Categories for Amusement park

Metaphors Analysis Essay

Metaphors Analysis Essay

Economists have an image of practicality and worldliness not shared by physicists and poets. Some economists have earned this image. Others– myself and many of my colleagues here at Chicago–have not. I’m not sure whether you will take this as a confession or a boast, but we are basically story-tellers, creators of make-believe economic systems. Rather than try to explain what this story-telling activity is about and why I think it is a useful–even an essential–activity, I thought I would just tell you a story and let My changes you make of it what you like.

story has a point: I want to understand the connection between in the money supply and economic depressions.

One way to demonstrate that I understand this connection–I think the only really convincing way –would be for me to engineer a depression in the United States by manipulating the U. S. money supply. I think I know how to do this, though I’m not absolutely sure, but a real virtue of the democratic system is that we do not look kindly on people who want to use our lives as a laboratory.

So I will try to make my depression somewhere else. The location I have in mind is an old-fashioned amusement park–roller coasters, fun house, hot dogs, the works.

I am thinking of Kennywood Park in Pittsburgh, where I lived when my children were at the optimal age as amusement park companions – a beautiful, turn-of-the-century place on a bluff overlooking the Monongahela River. If you have not seen this particular park, substitute one with which you are familiar, as I want you to try to visualize how the experiment I am going to describe would actually work in practice. 2 Kennywood Park is A useful location for my purposes because it is an entirely independent monetary system. One cannot the park. At the gate, visitors use U. S. dollars then enter the park and spend the tickets.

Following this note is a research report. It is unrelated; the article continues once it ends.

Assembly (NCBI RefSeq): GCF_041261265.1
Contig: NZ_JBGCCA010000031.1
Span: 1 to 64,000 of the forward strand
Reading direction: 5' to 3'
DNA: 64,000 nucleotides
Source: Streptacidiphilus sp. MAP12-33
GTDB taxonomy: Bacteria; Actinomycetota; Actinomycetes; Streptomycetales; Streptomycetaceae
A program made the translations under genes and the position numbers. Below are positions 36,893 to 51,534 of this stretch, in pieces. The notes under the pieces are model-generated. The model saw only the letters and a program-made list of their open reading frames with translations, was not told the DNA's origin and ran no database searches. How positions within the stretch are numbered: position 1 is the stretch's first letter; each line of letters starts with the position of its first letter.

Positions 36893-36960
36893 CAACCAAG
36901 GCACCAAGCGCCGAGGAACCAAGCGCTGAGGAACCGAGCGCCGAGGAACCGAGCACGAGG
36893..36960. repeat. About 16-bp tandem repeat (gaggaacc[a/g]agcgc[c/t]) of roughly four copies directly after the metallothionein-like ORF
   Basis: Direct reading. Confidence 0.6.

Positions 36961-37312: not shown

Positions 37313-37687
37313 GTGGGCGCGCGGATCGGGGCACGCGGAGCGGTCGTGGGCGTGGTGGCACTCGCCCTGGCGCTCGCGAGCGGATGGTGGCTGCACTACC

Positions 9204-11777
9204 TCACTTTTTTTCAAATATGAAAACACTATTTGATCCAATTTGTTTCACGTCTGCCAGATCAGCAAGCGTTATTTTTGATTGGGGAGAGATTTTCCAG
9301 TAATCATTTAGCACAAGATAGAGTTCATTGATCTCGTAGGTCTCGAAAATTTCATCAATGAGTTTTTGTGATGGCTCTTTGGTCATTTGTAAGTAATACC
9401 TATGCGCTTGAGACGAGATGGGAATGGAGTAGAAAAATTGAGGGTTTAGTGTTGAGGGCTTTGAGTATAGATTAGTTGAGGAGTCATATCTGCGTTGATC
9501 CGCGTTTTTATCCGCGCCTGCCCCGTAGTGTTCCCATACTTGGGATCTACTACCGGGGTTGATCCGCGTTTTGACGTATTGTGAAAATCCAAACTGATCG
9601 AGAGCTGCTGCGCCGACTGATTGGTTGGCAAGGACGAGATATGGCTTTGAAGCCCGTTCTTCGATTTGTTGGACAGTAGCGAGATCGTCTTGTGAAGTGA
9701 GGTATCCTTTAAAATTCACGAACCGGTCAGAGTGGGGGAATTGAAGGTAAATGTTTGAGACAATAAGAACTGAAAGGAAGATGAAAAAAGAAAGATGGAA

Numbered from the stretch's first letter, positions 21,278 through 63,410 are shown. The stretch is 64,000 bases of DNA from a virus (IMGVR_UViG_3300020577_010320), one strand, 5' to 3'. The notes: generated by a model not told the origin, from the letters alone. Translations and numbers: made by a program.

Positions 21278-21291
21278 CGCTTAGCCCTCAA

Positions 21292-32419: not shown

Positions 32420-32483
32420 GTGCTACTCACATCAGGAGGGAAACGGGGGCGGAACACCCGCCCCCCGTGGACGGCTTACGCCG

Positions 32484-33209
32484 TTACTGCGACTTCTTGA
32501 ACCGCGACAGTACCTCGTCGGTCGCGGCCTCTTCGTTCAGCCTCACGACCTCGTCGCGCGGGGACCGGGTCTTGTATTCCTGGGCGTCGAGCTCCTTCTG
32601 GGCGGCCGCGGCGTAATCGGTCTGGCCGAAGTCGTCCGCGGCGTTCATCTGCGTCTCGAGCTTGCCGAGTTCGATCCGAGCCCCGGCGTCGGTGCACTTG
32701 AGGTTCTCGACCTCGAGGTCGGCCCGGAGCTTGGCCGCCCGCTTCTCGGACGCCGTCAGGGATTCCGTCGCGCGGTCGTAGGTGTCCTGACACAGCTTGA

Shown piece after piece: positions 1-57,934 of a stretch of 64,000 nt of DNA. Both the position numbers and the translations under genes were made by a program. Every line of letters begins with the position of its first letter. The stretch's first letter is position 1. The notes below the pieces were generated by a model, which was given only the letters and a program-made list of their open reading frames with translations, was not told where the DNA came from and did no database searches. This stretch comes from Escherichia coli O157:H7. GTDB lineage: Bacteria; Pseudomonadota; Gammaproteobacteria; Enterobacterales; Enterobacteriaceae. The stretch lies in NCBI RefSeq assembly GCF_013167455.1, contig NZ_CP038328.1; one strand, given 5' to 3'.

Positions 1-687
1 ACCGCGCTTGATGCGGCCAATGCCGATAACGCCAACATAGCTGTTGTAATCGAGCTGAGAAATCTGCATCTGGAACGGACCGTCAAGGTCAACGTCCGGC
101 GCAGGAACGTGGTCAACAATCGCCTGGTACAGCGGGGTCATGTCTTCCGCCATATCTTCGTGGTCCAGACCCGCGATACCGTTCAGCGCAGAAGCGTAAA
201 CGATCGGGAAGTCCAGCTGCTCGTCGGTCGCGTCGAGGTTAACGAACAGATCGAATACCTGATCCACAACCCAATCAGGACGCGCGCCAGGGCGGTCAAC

Rides spend U. S. dollars inside to purchase tickets and inside are priced at so many tickets per ride. Ride operators collect these tickets, and at the end of each day theyare cashed in for dollars, like chips in a casino. For obvioua reasons, business in park fluctuates: Sundays are big days, July 4 is even bigger. On most concessions –I imagine each ride in the park to be independently operated–there is some flexibility: an extra person can be called in to help take tickets or to speed people getting on and off the ride, on short-notice if the day is unexpectedly big or with advanced notice if it is predictable.

If business is disappointingly slow, an operator will let some of his help leave early. So “GNP” in the park (total tickets fluctuate from want to call a spent) and employment (the number of man hours worked) will one day to the next due to fluctuations in demand. Do we slow day–a Monday or a Tuesday, say–a depression? Surely not. By an economic depression we mean something that ought not to happen, something pathological,not normal seasonal or daily ups and downs. This, I imagine,is how the park works. (I say “imagine” because I am just making most of this up as I go along. ).